japanese vegetable soup


This is the closest thing you’ll get in the low protein world to a nice classic Ramen noodle bowl. And it takes pretty much same time to cook – no more than 5min.

1 bundle mung bean noodles (approx 35g)

½ tbsp dry wakame seaweed flakes

½ small carrot

½ tsp Knorr vegetable broth base

1 tbsp Kikkoman tempura dipping sauce

Peel the carrot and boil until soft in some salted water.  Meanwhile in a small saucepan cover mung bean noodles with hot water, bring to boil on medium heat, take off the heat when noodles are completely transparent and soft. In a deep soup bowl place the wakame seaweed flakes, tempura sauce and broth powder on the bottom, cover with drained cooked noodles. Take the carrot, slice into thin circles and cut out flower shapes with small cookie cutter. Place the carrot flowers in the bowl on top of the noodles, add butter and cover with hot water. Let stand for 2-3min and stir well.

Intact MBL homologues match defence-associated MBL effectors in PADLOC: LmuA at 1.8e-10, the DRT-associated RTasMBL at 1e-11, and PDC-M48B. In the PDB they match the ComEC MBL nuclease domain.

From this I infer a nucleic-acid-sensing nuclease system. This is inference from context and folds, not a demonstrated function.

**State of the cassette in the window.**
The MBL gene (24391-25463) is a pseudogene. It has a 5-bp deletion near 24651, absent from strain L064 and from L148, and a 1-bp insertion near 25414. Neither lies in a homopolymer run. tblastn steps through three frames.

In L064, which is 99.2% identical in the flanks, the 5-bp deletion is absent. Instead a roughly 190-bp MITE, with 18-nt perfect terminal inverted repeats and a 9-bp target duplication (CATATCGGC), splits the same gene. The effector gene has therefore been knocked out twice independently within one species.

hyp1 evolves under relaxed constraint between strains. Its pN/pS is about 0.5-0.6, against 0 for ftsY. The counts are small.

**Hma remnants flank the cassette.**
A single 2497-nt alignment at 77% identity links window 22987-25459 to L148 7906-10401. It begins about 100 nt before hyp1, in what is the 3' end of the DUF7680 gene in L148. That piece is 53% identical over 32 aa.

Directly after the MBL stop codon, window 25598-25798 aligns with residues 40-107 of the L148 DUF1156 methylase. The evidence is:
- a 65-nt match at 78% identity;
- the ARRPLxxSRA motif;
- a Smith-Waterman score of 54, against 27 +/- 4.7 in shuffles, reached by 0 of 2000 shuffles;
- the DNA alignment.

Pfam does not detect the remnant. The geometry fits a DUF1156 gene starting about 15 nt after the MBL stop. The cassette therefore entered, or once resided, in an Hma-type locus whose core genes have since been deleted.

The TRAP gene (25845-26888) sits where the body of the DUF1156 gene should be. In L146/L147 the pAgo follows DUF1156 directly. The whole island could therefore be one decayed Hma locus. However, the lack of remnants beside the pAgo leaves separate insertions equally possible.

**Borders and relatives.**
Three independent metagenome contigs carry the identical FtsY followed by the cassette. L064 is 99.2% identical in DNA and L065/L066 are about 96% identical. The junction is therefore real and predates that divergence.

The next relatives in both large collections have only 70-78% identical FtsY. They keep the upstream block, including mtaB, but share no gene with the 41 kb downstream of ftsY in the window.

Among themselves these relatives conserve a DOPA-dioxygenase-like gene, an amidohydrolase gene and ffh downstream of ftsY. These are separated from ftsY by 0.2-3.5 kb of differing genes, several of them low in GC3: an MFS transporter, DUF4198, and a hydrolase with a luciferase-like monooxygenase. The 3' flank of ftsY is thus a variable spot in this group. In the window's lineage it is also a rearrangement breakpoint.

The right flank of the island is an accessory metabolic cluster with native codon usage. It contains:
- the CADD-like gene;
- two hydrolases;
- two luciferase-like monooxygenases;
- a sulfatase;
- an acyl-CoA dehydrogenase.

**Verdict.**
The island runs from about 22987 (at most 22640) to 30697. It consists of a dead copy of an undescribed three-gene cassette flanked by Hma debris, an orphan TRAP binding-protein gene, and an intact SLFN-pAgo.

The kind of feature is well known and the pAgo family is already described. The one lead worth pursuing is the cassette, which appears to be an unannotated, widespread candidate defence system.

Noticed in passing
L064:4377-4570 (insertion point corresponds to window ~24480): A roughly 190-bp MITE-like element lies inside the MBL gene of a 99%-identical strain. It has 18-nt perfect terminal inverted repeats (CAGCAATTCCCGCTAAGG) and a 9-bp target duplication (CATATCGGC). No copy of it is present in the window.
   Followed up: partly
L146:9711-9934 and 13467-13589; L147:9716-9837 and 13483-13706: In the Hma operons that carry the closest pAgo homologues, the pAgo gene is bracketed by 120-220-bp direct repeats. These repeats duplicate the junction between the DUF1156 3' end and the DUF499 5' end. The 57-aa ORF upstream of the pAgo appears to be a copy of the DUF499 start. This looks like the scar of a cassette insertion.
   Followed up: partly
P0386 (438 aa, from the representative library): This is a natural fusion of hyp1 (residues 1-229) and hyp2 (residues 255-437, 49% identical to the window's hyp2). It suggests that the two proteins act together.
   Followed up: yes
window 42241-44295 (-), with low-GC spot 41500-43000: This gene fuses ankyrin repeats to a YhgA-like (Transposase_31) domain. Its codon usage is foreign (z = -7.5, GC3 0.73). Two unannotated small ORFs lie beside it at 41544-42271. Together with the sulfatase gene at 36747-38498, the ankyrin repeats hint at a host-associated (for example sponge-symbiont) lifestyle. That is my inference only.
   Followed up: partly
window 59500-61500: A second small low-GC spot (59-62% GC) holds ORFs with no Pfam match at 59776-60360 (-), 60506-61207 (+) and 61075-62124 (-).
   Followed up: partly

You can garnish this dish with some fresh green onions and add any other vegetables that you have on hand. Some ideas – broccoli, mushrooms, water chestnuts, spring peas, sweet potato (cooked).

Notes: if you can not find tempura dipping sauce, try low sodium soy sauce with ½ tsp sugar added. This recipe works best with Hon Tsuyu soup base, but it is not easy to find, so tempura dipping sauce is the closest match. I get mine at a local Japanese store.

Don’t be shy to amp up the butter – it will boost the calories in the dish without added protein, if you need it. If you want it more filling – increase water volume.

Mung bean noodles, also known as bean vermicelli or glass noodles – are small bundles of thin noodles made out of starch. When cooked they become completely transparent – very low in protein, good source of calories and loads of fun to eat.

If you can not find wakame seaweed flakes, feel free to tear up a sheet of nori seaweed paper, used to wrap sushi.

Recipe yield: 1 portion

Per portion:

protein 1.5g,

phe 46.5mg,

calories 158cal

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